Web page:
The PR market in the Middle East is leapfrogging more advanced markets and - despite a competitive landscape - there is enough business to go around for established firms and newcomers, according to the duo behind a young UAE communications shop.
Zainab Imichi Alhassan and Sarah Curtis - co-founders of POP Communications - say while the Middle East has different market requirements than more established markets, it’s a flourishing landscape for entrepreneurs.
"Public relations in the Middle East is on par with the rest of the world or, dare I say, even more advanced in some places," said Imichi Alhassan. "Of course we have our challenges but it’s just our way of adapting to the market.
"The PR industry in the UAE is very competitive with thousands of agencies offering the same scope of services, but there is obviously enough business to go around as new agencies launch into the market successfully all the time."
Curtis agrees, adding: "We have seen that both boutique agencies and global conglomerates can operate successfully in the same space. Businesses in the Middle East have different marketing requirements and budgets, some lean towards boutique agencies like ours, while others prefer to work with global ones."
Curtis said agencies need to adapt its ideas when considering local cultural sensitives. In some cases, she points out, "global brands approach us with their marketing plans, which occasionally needs to be localised given the market can be a challenge.
"However, The UAE is a great place to start a business, the country really supports and encourages those who want to set out on their own. As a start-up, you also have access to international teams with multicultural insights."
Two years old
POP Communications marks its two year anniversary in August. It has grown from a team of three to a team of 10 and serviced almost 60 clients on retainer and project basis. Most of its clients have been with POP since the start.
This year the agency moved into a new office, hired a director to its leadership team and has begun working with global brands such as Bioderma and Nutribullet.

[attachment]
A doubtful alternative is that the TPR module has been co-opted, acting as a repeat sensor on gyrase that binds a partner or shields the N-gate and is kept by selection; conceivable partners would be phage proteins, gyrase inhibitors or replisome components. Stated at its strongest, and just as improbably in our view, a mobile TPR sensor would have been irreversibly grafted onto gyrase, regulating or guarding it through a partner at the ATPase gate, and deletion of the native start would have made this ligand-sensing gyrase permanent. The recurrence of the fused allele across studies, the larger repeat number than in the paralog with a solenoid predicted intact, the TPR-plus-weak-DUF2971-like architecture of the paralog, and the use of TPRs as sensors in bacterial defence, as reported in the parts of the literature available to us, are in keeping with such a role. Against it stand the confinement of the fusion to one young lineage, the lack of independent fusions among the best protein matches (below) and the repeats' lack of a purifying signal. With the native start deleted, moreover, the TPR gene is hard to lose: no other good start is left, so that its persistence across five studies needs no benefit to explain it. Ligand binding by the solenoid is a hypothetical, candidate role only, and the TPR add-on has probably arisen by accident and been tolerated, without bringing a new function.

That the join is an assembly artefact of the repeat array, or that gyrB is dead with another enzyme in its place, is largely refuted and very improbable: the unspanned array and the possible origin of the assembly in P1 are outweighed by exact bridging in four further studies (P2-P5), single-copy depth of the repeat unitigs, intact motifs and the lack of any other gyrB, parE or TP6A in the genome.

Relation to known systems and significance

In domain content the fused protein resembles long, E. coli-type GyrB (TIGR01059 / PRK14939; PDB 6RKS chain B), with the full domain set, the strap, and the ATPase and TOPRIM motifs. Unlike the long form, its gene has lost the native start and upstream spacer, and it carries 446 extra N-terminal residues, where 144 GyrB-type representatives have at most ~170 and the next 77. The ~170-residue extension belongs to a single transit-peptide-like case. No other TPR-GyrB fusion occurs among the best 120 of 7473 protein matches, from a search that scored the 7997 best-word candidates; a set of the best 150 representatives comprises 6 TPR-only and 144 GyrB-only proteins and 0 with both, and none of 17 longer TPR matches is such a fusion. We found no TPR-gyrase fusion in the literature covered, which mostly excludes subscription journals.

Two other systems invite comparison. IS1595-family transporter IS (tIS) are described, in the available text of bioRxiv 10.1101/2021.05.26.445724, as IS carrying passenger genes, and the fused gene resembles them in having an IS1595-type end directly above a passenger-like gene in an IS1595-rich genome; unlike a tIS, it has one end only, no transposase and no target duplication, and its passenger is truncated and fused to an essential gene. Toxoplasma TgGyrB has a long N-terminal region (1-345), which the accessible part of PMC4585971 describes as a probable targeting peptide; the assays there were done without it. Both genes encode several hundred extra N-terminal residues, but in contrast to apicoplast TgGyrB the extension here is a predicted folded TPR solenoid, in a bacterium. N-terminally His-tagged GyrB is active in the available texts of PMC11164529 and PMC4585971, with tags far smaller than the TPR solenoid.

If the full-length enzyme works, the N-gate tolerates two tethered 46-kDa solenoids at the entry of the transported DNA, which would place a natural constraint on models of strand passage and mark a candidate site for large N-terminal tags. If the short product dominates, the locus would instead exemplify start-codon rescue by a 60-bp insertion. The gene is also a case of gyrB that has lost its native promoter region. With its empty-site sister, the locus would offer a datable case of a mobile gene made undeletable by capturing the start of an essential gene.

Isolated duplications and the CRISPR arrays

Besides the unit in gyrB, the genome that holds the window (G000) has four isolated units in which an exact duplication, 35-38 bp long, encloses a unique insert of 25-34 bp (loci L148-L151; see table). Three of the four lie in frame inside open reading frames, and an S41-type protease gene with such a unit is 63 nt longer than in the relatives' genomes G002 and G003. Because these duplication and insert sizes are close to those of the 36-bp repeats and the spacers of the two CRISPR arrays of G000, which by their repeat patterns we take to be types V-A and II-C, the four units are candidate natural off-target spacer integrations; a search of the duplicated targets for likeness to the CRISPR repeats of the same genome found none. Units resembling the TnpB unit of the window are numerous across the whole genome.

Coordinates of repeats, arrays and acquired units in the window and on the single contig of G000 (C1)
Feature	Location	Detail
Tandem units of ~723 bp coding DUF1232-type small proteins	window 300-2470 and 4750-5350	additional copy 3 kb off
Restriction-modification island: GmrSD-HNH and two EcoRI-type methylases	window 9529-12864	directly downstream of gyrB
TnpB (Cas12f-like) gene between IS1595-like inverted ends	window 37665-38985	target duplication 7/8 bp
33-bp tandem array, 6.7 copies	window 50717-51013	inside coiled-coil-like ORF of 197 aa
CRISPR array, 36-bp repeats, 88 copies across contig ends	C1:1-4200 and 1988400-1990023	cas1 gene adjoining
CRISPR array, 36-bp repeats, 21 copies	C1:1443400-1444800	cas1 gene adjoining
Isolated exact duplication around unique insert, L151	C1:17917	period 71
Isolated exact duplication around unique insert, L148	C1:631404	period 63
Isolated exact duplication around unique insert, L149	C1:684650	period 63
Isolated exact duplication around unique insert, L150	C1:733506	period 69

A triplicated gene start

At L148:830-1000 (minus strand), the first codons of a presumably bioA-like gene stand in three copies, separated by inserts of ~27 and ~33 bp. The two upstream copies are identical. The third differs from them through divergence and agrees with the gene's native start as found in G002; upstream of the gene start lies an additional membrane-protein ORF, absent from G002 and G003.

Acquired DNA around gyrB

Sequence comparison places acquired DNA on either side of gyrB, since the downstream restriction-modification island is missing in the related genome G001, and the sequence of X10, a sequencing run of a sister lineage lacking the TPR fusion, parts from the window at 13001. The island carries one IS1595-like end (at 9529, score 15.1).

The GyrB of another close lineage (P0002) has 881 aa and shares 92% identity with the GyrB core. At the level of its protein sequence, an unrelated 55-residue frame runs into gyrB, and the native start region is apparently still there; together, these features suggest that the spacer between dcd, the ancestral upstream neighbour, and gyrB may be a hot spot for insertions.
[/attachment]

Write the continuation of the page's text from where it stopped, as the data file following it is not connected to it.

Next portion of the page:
"Our F&B portfolio is growing with a combination of international brands such as Joe & Seph’s and Walnut Grove, and successful homegrown brands such as NRTC Fresh, Urban RetrEAT and Catfish. This is a growing sector for us," Curtis said.
"In the next 12 months, we hope to grow our travel and tourism portfolio as well. We are also going to expand our creative and digital team."
One of the big changes that the Middle Eastern market industry has experienced in the last 12 months is the move towards digital marketing. Even traditional PR agencies are now hiring digital and social media teams to integrate with their services.
"I think the communications industry at large is undergoing a transformation. Budgets are shrinking and there are no more gatekeepers thanks to digital access," Imichi Alhassan explained.
"Which means the comms agency of the future will need to be integrated to include PR, social media, paid advertisements, influencer marketing, creative and events. Clients no longer want to deal with five agencies for their marketing needs, it’s expensive and time-consuming. The future is pointing towards a one-stop shop. We are already doing this and I see other agencies taking the steps to become integrated agencies as well."
Curtis says the duo have also noticed that marketing budgets from brands increase for influencer marketing: "For example, we now have some clients that only spend on influencer marketing.
"We’re noticing more and more that brands are being more selective in which influencers they want to collaborate with.
"Gone are the days where a number of followers are the most important metric for potential collaborations – now brands want to work with people whose values closely match their own, even if they only have a few thousand followers.
"We’re also seeing consumers becoming savvier – they know when an influencer’s sponsored post feels too staged or not in line with the person’s brand and they won’t want to buy the product."
While the UAE is the launchpad for POP Communications, the duo says the region also offers exciting opportunities.
Imichi Alhassan said: The UAE, in particular, is an aspirational market, and people are influenced to spend when they see a brand has a certain buzz around them. For established brands, PR is just as important as they will be up against other big international brands who are making noise. Having a local PR representative is important for brands to know how best to communicate with their target audience.
"Also, Saudi Arabia is cooking up some exciting stuff and will be a hot market soon, followed by Kuwait and Egypt."
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